“And with that heart comes something that just staggers me.
God gives us the freedom to reject him.
He gives to each of us a will of our own.” (p. 51)

“He cares so much for our happiness that he endows us with the capacity to love and be loved, which is the greatest happiness of all.
He endows us with a dignity that is almost unimaginable.” (p. 53).

“Most of the misery we suffer on this planet is the fruit of the human heart gone bad. This glorious treasure has been stained, marred, infected. Sin enters the story and spreads like a computer virus.” (p. 57)

“Why does every great story have a rescue?” (p. 61)

“Rescuing the human heart is the hardest mission in the world.
The dilemma of the Story is this: we don’t know if we want to be rescued. We are so enamored with our small stories and our false gods, we are so bound up in our addictions and our self-centeredness and take-it-for-granted unbelief that we don’t even know how to cry out for help. And the Evil One has no intention of letting his captives walk away scot-free. He seduces us, deceives us, assaults us–whatever it takes to keep us in the darkness.” (p. 63)

“He seeks his allies still. Not religion. Not good church people. Lovers. Allies.” (p. 66).

“His death and resurrection shatter the power of the Matrix, set the captives free.” (p. 67)

“God creates us in his

“This is written on the human heart, this longing for happily ever after.” (p. 78)

“Do you see? Wherever humanity was broken, Jesus restored it. He is giving us an illustration here, and there, and there again. THe coming of the kingdom of God restores the world he made.” (p. 82)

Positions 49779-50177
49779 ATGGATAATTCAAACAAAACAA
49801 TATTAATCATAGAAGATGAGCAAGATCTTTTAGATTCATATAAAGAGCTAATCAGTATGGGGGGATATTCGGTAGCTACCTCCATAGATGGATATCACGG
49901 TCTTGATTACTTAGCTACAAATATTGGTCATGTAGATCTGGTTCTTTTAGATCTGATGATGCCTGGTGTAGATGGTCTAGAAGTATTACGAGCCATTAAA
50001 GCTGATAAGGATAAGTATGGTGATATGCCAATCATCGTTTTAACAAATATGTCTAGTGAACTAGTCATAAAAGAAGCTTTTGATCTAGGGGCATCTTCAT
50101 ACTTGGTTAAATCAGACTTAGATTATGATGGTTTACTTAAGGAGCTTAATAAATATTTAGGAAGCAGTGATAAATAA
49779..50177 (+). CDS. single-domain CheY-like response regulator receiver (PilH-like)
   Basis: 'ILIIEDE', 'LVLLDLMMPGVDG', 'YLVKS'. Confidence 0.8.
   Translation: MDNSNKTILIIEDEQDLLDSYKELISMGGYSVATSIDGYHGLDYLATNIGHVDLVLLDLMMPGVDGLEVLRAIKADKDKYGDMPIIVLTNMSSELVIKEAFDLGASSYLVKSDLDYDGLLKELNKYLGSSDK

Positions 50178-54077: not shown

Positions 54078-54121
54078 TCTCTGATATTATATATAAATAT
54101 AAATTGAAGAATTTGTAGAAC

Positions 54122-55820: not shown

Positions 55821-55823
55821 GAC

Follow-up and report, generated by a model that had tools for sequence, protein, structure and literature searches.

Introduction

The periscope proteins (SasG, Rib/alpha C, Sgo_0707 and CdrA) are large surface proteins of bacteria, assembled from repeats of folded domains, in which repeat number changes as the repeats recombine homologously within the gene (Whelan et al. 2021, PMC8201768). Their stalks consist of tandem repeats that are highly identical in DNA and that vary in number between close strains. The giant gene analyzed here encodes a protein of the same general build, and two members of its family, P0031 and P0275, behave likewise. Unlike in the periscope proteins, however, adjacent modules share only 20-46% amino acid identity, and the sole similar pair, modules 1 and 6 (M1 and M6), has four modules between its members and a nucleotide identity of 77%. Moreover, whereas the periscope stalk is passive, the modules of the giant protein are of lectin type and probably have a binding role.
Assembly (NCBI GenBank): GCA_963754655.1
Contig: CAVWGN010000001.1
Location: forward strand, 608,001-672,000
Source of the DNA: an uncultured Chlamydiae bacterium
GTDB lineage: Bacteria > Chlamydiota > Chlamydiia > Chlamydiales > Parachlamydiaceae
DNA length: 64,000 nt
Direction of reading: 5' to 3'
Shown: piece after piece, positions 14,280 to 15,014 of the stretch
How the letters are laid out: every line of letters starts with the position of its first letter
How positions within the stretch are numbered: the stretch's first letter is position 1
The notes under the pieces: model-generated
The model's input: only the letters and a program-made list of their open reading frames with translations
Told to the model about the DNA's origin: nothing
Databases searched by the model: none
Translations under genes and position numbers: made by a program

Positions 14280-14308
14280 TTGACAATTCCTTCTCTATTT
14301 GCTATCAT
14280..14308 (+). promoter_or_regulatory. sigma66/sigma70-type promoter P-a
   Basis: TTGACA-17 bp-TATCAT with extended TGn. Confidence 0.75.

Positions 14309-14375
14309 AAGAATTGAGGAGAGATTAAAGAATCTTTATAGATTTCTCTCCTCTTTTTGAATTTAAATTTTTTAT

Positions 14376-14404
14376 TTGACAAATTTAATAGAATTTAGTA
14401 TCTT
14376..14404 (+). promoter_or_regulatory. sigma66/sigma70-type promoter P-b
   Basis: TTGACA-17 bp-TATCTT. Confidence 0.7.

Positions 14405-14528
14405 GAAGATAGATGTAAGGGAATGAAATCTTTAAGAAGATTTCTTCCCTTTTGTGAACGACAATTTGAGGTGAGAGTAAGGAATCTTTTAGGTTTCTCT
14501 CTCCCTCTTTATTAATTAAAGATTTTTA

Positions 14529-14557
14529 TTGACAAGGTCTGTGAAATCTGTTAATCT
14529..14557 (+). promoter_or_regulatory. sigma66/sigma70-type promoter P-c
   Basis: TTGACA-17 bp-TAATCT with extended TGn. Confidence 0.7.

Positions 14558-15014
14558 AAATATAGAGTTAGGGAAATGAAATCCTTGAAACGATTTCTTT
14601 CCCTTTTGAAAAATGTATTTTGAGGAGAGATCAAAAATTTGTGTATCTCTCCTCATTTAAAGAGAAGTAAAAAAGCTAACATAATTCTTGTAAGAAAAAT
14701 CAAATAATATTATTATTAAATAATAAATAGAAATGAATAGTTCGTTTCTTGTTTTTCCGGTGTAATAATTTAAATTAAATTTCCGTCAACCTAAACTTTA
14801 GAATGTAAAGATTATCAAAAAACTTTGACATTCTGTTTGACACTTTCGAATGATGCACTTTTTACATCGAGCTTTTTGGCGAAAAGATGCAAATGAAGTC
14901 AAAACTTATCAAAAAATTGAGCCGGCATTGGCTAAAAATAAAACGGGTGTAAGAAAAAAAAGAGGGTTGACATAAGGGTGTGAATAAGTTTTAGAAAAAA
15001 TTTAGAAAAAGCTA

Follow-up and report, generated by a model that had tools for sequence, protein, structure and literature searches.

“Stories are equipment for living.”
Robert McKee

July 24, 2017 / compassioninpolitics

Areas and Tools of Christian Apologetics

Here are 21 key areas and tools of Christian apologetics

  1. Stories/Parables/Allegories
  2. Questions
  3. Ethics/Sin
  4. Virtue/Character
  5. Forgiveness
  6. Identity
  7. The Gift
  8. Leadership/Wisdom
  9. Love/relationship (faith/trust)
  10. Service/social justice
  11. Felt needs
  12. Spiritual disciplines
  13. Intentionality
  14. Mens ministry/Womens ministry
  15. Cultural analysis/Foolishness of the world
  16. Adventure/risk
  17. Science and Religion
  18. Historical/Cultural (impact)
  19. Historical Jesus
  20. Art/poetry/literature
  21. Logic/philosophy


July 24, 2017 / compassioninpolitics

Dr. Jürgen Habermas on Christianity and Human Rights–The Real Quotes

There are at least two versions of this quote:

“Universalistic egalitarianism, from which sprang the ideals of freedom and a collective life in solidarity, the autonomous conduct of life and emancipation, the individual morality of conscience, human rights and democracy, is the direct legacy of the Judaic ethic of justice and the Christian ethic of love. This legacy, substantially unchanged, has been the object of continual critical appropriation and reinterpretation. To this day, there is no alternative to it. And in light of the current challenges of a postnational constellation, we continue to draw on the substance of this heritage. Everything else is just idle postmodern talk.”